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I am reading a science-fiction short story and I met this sentence that I can't understand.

"living in chop”

You can read the the whole sentence in the attached file.

What does it means?

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    My guess: they are using nautical metaphors for their airship. At sea, “choppy waters” are mildly rough seas, lots of small, “choppy” waves, like bumps in the road, and not “smooth sailing”. I suppose in the air, “chop” would be turbulence. They have a leak in their balloon, and until both the leak is fixed and the missing gas replaced so they can ascend, they will be in that part of the atmosphere which is bumpy and turbulent, aka “living in chop”. – Dan Bron Feb 18 '20 at 13:09
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    @DanBron I think you could be right. Unless someone tells me different I think that it might be a term invented for the specific book and it could become clearer as the OP gets further into the book. Alternatively it could be a term that balloonists would understand but those of us with their feet permanently on the ground would not. – BoldBen Feb 18 '20 at 13:19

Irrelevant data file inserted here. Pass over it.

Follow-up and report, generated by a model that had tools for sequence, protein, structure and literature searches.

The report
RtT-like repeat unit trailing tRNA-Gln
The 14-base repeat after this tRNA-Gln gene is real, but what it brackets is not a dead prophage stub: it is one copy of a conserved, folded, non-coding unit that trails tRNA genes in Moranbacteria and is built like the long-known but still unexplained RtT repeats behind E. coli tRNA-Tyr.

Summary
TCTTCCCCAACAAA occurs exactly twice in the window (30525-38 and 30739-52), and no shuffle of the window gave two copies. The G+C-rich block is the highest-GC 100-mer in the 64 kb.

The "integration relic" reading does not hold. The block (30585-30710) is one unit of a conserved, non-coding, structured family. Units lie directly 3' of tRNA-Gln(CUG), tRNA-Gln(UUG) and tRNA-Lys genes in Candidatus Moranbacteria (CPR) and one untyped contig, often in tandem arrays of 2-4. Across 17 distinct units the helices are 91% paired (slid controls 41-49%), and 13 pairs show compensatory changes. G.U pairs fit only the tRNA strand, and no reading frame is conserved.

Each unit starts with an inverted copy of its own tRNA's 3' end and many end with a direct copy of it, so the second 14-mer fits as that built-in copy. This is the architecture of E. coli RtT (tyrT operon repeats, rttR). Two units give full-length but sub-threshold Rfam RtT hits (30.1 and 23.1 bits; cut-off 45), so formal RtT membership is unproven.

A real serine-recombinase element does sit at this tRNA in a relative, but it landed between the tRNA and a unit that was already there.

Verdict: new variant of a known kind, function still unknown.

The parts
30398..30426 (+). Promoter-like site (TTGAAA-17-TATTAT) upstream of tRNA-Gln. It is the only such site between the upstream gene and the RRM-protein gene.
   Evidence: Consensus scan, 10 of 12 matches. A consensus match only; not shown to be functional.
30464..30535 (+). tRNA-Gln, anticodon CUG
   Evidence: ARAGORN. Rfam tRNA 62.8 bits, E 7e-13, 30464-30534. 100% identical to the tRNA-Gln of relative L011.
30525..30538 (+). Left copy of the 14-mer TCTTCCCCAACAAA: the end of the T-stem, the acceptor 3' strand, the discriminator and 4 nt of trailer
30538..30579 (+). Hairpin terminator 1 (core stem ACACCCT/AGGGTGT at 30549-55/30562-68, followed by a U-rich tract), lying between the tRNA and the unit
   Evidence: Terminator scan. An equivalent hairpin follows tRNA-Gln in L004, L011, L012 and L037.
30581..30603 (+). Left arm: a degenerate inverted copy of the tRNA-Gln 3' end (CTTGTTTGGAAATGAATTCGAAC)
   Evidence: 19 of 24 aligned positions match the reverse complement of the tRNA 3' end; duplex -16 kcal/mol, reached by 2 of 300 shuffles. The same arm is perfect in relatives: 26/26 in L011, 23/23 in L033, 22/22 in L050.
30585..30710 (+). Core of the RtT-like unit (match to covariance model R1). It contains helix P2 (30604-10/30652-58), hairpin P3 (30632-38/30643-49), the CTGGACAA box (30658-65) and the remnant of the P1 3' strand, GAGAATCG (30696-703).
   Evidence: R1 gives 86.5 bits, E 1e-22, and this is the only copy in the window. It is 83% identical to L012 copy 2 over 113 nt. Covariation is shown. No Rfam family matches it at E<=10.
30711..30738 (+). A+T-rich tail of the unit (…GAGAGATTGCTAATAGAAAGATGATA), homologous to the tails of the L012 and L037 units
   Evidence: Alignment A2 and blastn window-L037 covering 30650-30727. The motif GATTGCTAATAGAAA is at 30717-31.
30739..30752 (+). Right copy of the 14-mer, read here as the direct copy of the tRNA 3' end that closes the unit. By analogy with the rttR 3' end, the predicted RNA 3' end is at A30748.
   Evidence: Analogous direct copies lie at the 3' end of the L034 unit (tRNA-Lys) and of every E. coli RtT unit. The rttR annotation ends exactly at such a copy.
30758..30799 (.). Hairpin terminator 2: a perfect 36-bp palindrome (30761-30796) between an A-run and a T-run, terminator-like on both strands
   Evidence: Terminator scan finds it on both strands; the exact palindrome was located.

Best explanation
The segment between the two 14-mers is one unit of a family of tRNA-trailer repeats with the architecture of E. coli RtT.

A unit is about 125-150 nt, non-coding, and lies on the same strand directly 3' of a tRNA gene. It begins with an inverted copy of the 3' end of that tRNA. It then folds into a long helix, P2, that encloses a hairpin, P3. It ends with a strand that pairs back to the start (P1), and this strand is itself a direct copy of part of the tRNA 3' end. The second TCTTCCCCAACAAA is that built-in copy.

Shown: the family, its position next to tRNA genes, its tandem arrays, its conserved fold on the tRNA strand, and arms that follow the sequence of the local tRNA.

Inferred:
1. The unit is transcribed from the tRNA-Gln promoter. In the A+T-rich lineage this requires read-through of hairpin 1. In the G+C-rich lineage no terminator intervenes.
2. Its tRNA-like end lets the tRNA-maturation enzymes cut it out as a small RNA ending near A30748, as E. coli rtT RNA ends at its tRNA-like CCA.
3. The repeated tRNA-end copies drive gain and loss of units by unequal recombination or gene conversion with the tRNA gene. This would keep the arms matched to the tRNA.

• Thank you very much both for the answers. I guess that's the right interpretation. – Andrea Iovinelli Feb 18 '20 at 17:14

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